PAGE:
In the trial court the State, which had the burden to justify the warrantless seizure (State v. Allen , 113 N.J. Super. 245 (App. Div. 1970)), advised that it was "relying on the plain view doctrine" as enunciated in Harris v. United States , 390 U.S. 234, 88 S. Ct. 992, 19 L. Ed. 2d 1067 (1968). Defendants principally relied on what they urged were limitations on the doctrine set forth in Coolidge v. New Hampshire , 403 U.S. 443, 91 S. Ct. 2022, 29 L. Ed. 2d 564 (1971), reh. den. 404 U.S. 874, 92 S. Ct. 26, 30 L. Ed. 2d 120 (1971). Following argument, and principally in reliance upon Coolidge , the trial judge suppressed the evidence upon findings that the observing of the plants by the police was not inadvertent and that no exigent circumstances excused the requirement of a warrant to seize.
In this court the State again contends that the seizure was justified under Harris , which holds that "objects falling in the plain view of an officer who has a right to be in the position to have that view are subject to seizure and may be introduced in evidence." 390 U.S. at 236, 88 S. Ct. at 993, 19 L. Ed. 2d at 1069. Defendants respond, as they did in the trial court, that under Coolidge the "plain view" exception requires both "inadvertent" discovery of evidence and "exigent circumstances" to justify a warrantless seizure and that neither appears here. In rebuttal the State contends that those requirements of Coolidge represent the views of only a plurality of the United States Supreme Court and are therefore not binding on this court and ought not to be followed. Further, the State argues that inadvertence and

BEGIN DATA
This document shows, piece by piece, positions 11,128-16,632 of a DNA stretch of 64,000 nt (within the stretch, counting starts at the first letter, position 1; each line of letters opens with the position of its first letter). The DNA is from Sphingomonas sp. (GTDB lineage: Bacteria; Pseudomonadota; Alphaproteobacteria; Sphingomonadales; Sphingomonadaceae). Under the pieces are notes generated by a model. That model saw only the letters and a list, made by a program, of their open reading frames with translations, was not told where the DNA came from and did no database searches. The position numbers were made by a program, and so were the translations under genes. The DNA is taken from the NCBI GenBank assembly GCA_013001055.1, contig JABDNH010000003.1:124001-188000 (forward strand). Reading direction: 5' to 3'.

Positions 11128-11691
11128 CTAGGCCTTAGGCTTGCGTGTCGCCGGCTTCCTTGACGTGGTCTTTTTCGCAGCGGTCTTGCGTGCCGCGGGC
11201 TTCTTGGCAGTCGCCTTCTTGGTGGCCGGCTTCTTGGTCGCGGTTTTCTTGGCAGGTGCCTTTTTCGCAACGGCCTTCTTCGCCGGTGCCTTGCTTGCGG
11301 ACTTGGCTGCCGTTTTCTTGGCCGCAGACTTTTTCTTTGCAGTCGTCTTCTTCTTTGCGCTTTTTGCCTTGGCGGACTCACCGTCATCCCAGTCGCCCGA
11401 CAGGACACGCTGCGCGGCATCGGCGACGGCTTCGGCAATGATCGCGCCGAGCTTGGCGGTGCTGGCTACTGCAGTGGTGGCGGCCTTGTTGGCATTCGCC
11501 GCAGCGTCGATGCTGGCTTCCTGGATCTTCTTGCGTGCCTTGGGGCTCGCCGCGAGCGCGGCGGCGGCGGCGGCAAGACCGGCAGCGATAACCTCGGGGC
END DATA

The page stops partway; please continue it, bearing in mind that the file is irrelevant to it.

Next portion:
[153 NJSuper Page 574]
exigent circumstances are both established by the stipulated facts.
Consideration of the scope and application of the "plain view" doctrine here must proceed with the recognition that the term "plain view" is imprecise and has been used to describe a variety of circumstances having quite different legal implications. As Justice Stewart noted in Coolidge ,